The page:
Testimonies From Employment Situations:

Lessons from Working with People:

Several years ago the Lord taught me a lesson about working with people. At that time I worked in the grill area in our local McDonald’s Restaurant. My job was to train new workers, teaching them the proper food handling and storage procedures, how to do the prep work, and how to make all of the food items.

Many of the people I trained were teenagers who thought their own way of doing things was a better way. I repeatedly showed these teenagers the correct way to prepare the sandwiches and other food items, and I knew they could make the food properly. Yet whenever I turned my back on them, they went back to their own sloppy way of making food. Consequently, customers would receive sandwiches with catsup or mayonnaise dripping down the side of the buns, which made a sloppy representation of the restaurant. This frustrated me beyond measure because I knew the teens could do it right, but the just didn’t care.

One day at work, after a day of frustration, this really became a burden on me so I prayed and asked God, “How do I get these teens to make the food properly?” Then I heard the familiar small voice say, “You can’t change them. Why are you trying to do my job?” Then I realized that their rebellion was a heart issue, a product of that sinful nature we all inherited from Adam.

After that day, I would show the teens how to do the food properly until I knew they could do it right. Then I prayed that God would take it from that point on. I received great peace from knowing that changing these teenagers was not my responsibility. They were in the hands of a great big, powerful God!

In addition, I realized that changing me was not my job either! All I could do was my best to please God. God made me exactly the way I am (aside from the sin factor) for a purpose in His great plan. He has special plans for me and He accepts and loves me just the way I am!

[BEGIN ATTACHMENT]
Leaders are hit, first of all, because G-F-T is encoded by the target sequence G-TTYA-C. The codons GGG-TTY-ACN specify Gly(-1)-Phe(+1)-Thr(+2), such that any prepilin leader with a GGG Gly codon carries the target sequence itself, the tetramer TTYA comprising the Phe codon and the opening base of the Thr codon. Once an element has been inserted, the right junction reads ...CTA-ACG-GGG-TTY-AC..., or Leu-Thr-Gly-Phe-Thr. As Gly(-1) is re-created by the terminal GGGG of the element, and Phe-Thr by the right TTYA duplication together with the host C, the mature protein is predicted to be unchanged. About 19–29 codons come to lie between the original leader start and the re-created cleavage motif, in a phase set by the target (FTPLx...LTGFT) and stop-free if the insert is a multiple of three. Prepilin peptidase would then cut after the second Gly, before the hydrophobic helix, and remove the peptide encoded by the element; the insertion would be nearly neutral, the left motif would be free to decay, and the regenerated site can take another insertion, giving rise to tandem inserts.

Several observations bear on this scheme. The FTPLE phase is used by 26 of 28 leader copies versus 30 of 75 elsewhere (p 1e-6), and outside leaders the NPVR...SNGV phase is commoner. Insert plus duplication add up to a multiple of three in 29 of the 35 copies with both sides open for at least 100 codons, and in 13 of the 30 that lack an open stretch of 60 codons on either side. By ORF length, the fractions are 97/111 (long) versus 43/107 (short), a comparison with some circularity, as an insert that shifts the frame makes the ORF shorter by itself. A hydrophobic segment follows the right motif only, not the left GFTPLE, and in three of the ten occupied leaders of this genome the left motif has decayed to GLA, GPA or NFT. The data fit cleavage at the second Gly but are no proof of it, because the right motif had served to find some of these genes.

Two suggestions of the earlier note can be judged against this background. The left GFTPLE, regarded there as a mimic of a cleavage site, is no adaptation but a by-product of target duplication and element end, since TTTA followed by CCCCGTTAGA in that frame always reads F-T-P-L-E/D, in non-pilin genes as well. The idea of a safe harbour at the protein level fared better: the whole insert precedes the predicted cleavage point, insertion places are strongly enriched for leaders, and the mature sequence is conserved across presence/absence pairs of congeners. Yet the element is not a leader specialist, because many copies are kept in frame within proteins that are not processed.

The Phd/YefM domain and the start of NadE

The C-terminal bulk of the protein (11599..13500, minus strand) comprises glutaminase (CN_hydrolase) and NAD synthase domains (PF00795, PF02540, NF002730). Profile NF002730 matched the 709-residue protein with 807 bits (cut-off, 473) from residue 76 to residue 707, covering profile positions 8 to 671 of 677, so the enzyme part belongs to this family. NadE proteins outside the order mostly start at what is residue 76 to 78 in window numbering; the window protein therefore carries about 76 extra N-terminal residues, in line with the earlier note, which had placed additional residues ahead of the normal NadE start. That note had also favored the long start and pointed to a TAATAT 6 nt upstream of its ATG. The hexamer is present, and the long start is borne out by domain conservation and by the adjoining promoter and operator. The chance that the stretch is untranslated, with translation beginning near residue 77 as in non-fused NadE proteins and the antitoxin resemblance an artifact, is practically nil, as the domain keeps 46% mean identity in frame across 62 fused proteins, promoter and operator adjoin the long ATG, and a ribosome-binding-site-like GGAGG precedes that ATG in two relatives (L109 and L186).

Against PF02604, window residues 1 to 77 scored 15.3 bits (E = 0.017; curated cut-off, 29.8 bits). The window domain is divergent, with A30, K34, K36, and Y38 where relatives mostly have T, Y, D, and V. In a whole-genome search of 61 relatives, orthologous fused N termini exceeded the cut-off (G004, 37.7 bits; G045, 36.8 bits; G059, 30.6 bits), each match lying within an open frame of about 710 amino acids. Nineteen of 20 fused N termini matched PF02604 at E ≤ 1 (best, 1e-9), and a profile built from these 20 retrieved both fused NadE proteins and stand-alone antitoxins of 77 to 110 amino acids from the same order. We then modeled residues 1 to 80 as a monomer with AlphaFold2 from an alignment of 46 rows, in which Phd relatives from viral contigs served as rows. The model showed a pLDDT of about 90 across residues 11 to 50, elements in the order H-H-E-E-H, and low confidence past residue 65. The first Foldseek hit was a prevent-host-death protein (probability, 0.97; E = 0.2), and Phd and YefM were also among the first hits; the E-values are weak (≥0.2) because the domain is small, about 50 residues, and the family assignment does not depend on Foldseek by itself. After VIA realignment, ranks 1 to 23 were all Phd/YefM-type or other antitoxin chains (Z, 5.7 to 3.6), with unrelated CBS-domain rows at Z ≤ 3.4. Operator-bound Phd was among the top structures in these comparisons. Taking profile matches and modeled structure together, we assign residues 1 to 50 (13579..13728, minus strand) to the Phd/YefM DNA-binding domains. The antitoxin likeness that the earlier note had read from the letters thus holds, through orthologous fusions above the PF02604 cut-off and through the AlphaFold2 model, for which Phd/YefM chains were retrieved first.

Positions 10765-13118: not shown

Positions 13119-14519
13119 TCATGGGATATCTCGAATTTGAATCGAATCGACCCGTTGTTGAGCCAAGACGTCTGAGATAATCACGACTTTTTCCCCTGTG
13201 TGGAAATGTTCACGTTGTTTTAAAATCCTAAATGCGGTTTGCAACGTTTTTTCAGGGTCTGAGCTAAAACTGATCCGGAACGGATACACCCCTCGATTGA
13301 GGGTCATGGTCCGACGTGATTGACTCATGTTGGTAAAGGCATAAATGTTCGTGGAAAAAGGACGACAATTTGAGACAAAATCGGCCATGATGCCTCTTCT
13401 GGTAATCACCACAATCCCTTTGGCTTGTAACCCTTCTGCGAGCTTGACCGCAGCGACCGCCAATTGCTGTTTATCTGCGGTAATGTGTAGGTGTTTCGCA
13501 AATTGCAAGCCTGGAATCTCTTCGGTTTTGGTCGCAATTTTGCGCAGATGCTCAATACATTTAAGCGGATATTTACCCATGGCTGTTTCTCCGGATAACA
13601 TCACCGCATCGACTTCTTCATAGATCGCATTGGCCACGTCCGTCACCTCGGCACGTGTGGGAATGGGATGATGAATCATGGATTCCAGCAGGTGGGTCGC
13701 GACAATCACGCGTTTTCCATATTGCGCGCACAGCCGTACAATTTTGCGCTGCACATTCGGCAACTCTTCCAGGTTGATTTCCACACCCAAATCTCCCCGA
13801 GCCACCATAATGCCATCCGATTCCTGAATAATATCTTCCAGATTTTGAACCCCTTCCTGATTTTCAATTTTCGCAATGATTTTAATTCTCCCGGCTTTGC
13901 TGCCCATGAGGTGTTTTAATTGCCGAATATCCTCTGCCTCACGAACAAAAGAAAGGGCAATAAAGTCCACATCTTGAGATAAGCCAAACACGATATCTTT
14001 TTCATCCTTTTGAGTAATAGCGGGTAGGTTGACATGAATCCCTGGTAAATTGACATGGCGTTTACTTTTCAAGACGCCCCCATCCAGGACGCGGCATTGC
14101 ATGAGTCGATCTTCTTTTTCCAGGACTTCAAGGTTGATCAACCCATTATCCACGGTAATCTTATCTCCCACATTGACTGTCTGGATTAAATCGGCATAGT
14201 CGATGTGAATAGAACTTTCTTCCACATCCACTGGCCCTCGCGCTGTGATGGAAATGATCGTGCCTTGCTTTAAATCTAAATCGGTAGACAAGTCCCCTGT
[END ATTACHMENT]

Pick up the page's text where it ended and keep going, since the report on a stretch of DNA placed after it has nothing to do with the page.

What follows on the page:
As for removing the sinful nature from me, that is also God’s job. I cannot change this area or be ‘perfect’ as the world desires because these things are impossible for any human being to do.

If people can’t accept me and love me for the person I am, they are the ones with the heart problem. Putting on a charade or a mask so that people will accept me is living a lie! Eventually, that lie will be exposed and people will see the truth. Living and sustaining a lie puts a great deal of stress on a person. Why not be real and save yourself frustration, stress, time, and money that living a lie costs someone?

People everywhere try to live up to this “perfect person” lie that the world promotes. Young girls make themselves mentally and physically sick by trying to make their bodies look like that of a Barbie doll. They develop eating disorders, false guilt, and a feeling of failure because they can’t live up to this false image. This “perfect person” is a lie because none of us are perfect, nor can we ever make ourselves perfect. However, aside from the sin factor, God sees us as His beautiful children!

Why can’t we accept people, including ourselves, for who they really are? Why can’t we love them in spite of the few extra pounds and the weaknesses? Do we have a right to expect more out of people than God expects from them?